24.954 | Spring 2010 | Graduate

Pragmatics in Linguistic Theory


Course Meeting Times

Lectures: 1 session / week, 3 hours / session


This course is the third and final part of our graduate introduction to semantics. The other two classes are 24.970 Introduction to Semantics and 24.973 Advanced Semantics. The semester will be divided into somewhat independent units. One unit will be devoted to conversational implicatures (mainly scalar implicatures) and another to presupposition. In each unit, we will discuss basic concepts and technical tools and then devote some time to recent work which illustrates their application.


24.970 and 24.973 or approximately equivalent background. I will presuppose technical material more or less on the level of Heim, Irene, and Angelika Kratzer. Semantics in Generative Grammar. Malden, MA: Blackwell Publishers, 1998, pp. 1-32. ISBN: 9780631197133. You should be familiar with possible world semantics of modal and attitude constructions, as well as basic concepts from syntactic theory.

Course requirements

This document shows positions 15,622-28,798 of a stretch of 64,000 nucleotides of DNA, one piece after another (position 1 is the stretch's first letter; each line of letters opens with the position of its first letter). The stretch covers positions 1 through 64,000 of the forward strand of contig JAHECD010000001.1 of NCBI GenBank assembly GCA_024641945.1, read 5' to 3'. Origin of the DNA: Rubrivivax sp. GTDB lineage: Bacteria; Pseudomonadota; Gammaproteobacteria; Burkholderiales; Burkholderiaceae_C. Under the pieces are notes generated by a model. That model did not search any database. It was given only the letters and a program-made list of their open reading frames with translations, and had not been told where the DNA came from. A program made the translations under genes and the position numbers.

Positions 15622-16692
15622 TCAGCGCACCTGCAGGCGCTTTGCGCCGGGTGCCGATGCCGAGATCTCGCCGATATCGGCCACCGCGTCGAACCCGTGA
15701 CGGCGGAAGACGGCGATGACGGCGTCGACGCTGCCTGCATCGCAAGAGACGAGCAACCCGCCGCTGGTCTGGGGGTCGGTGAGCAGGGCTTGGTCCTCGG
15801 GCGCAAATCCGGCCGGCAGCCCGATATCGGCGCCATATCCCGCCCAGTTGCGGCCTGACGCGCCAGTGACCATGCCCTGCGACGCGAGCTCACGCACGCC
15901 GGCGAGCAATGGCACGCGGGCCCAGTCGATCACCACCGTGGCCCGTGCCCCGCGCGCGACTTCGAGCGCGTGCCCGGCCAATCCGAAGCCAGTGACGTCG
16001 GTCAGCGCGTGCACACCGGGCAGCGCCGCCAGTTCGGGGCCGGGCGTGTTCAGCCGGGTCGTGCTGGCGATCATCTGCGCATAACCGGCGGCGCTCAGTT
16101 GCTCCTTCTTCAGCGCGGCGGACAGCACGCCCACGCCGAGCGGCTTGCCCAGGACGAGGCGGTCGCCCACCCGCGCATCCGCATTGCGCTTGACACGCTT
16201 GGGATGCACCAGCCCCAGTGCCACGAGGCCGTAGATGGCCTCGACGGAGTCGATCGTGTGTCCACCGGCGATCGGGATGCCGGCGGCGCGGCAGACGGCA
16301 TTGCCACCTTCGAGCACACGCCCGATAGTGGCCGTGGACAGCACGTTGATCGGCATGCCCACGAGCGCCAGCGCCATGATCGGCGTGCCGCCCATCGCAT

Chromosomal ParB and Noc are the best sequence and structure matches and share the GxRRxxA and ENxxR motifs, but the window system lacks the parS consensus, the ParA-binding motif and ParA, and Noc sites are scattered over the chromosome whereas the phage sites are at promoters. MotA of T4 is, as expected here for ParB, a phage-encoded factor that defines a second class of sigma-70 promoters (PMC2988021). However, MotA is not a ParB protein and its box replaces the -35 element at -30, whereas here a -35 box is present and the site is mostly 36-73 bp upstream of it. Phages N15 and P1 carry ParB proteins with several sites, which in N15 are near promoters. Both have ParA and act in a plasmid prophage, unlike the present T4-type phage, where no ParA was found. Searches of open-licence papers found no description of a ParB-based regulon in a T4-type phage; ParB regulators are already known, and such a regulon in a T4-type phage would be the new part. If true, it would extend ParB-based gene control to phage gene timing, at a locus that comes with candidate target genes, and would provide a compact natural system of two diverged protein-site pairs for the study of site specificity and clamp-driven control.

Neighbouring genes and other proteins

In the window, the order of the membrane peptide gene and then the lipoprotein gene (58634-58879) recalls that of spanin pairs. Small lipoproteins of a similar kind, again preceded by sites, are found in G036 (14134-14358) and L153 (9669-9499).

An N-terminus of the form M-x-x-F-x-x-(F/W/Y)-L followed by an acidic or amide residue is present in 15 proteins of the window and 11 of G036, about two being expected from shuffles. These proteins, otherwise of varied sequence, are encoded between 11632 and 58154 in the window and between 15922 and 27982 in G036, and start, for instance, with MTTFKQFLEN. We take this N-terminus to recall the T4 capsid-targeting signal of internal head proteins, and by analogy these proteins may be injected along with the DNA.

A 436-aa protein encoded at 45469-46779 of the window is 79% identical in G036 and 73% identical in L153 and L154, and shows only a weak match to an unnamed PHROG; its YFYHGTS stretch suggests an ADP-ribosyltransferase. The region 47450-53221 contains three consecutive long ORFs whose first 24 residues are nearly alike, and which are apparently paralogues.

Homework Exercises

Occasionally you will be assigned short homework assignments based on the topics covered in lectures.


A squib consists of critical discussion of an article (or a group of related articles) which is relevant to the topics covered in this class. Students will choose a topic of interest, and turn in a squib on the last day of class. You will also be required to turn in a short proposal during the semester.

Reading Assignments

Only a few papers will be required reading for the whole class. This will leave you plenty of time to browse through related literature and find things to write your squib about, and you should begin with that immediately.

Course Info

As Taught In
Spring 2010
Learning Resource Types
Lecture Notes
Written Assignments